My beef with the political process in California was put into a few perfect paragraphs in a newspaper that was thrown by accident onto my stoop this morning. I do not get the Financial Times but found myself reading, and agreeing, with their story about the budget woes of California. I have long argued these points, and am glad to see I am not alone in my thinking.
One cause of the problem is the state’s dysfunctional political system. California is one of only three in the US that requires a two-thirds majority in its legislature to approve a budget. With the state’s upper and lower houses evenly split between Republicans and Democrats, securing a two-thirds majority on all but mundane matters is practically impossible. A two-thirds majority is also required to raise taxes, which limits the ability of the governor to balance the books.
California’s system of direct democracy, while laudable in aim, is another headache. “Ballot initiatives” were introduced in 1911 by Hiram Johnson, then governor, who wanted to curtail the influence of the mighty Southern Pacific Railroad and return power to the people. Since then, any issue can be put to a state-wide vote, provided half a million or so signatures are gathered to support a change in the law.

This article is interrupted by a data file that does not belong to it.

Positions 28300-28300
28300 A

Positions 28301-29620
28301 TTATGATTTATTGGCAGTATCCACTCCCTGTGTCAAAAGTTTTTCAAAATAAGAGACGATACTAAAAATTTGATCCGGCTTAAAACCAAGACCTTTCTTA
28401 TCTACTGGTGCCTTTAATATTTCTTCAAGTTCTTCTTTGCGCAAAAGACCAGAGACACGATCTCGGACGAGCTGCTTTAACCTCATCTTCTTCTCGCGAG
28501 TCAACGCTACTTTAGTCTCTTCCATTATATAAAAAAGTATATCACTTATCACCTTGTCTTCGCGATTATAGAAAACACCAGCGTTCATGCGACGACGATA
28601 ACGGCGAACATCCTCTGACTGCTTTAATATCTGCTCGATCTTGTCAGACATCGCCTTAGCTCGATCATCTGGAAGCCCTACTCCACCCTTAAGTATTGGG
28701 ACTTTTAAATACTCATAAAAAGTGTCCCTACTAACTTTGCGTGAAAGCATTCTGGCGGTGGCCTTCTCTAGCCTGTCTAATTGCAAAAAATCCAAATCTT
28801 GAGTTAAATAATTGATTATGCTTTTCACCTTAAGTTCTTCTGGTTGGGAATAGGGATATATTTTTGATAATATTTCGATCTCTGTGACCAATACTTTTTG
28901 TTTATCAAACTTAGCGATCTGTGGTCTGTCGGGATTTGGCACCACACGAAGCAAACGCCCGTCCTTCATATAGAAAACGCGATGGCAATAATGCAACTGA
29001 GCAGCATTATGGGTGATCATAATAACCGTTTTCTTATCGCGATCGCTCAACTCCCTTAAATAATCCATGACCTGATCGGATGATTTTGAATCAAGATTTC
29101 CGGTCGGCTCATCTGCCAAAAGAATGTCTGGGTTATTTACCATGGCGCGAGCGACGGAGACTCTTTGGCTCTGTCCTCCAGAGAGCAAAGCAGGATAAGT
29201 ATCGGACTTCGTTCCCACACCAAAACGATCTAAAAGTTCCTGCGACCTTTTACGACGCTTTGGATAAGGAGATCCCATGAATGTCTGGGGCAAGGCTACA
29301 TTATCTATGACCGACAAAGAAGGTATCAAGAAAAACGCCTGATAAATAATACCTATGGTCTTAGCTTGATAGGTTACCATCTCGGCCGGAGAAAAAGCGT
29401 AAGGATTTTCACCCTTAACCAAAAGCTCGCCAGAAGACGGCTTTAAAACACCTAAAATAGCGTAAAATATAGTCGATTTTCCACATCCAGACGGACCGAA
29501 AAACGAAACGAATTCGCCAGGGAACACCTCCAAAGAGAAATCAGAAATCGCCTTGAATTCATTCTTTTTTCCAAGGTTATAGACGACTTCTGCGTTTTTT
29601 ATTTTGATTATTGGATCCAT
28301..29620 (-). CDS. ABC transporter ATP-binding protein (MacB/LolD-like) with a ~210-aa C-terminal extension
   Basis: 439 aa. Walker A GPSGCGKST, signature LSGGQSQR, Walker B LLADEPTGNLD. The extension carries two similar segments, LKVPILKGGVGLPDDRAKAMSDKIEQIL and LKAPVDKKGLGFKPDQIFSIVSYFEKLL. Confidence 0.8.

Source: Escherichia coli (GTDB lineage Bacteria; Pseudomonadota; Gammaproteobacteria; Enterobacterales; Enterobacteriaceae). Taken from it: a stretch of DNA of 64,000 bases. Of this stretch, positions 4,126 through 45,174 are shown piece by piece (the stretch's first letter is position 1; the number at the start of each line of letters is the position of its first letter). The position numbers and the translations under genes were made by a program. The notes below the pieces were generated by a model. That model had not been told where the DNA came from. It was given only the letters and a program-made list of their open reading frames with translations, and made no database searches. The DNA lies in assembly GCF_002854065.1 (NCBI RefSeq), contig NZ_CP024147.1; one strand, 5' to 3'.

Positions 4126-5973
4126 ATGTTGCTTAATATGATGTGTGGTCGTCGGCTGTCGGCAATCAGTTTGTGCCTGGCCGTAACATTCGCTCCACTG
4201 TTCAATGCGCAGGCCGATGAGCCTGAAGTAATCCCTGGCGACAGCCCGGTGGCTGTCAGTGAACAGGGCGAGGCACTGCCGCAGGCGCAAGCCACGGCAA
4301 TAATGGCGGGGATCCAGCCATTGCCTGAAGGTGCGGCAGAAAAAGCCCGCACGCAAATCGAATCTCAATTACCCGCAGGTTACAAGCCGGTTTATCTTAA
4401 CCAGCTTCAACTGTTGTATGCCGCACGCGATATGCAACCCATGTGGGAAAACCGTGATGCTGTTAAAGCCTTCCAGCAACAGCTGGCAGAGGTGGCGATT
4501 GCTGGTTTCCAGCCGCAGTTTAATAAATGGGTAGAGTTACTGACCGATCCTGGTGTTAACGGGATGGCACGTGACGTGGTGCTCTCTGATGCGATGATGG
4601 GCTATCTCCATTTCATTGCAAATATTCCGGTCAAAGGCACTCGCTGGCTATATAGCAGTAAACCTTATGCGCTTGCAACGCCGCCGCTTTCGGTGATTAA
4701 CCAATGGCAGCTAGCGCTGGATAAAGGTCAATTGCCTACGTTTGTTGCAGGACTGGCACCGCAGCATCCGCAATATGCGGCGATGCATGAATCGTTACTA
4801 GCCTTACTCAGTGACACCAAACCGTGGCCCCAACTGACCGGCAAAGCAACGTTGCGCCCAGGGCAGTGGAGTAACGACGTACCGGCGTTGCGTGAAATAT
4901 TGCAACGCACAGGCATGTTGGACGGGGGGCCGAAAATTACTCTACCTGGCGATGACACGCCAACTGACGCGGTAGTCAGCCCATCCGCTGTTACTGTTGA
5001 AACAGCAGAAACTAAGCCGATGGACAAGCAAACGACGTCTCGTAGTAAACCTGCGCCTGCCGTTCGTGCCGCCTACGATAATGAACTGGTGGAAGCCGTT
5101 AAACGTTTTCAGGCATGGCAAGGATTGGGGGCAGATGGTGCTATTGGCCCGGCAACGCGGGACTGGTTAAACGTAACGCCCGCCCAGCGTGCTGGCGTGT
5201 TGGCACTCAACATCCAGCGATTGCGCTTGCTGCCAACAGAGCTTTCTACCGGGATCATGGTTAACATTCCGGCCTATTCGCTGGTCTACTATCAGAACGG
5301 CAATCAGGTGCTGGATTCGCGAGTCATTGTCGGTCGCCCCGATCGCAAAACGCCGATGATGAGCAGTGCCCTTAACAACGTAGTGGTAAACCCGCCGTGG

Ballot initiatives were intended to give a voice to voters. “It was supposed to be about mom and pop talking about something around the dinner table and then getting all their friends to sign a petition,” says Dan Mitchell, professor emeritus at the UCLA Anderson School of Management and the School of Public Affairs. “But most initiatives on the ballot don’t start that way.” Instead wealthy individuals and special interest groups “pay a couple of million dollars to employ people to collect signatures outside of supermarkets”.
Ballot initiatives have resulted in controversial laws being passed, such as the amendment to California’s constitution that outlawed gay marriage in California last November. The state’s constitution is bursting with such amendments, which can often impose huge constraints on financial planning, such as the 1998 proposition that committed the state to spending 40 per cent of its annual budget on education.
Mr Schwarzenegger admits the two-thirds majority rules and the ballot proposition process have been a hindrance. “It’s governing with your hands tied behind your back,” he says. The final link in California’s fiscal chain is its tax system. “It’s flawed,” he adds. “It has failed us over and over again when we have a downturn. We in California rely very heavily on rich people paying taxes – income taxes and capital gains.” This imbalance is partly because of legislation passed in 1978 – via a ballot initiative, naturally – that set strict limits on property taxes.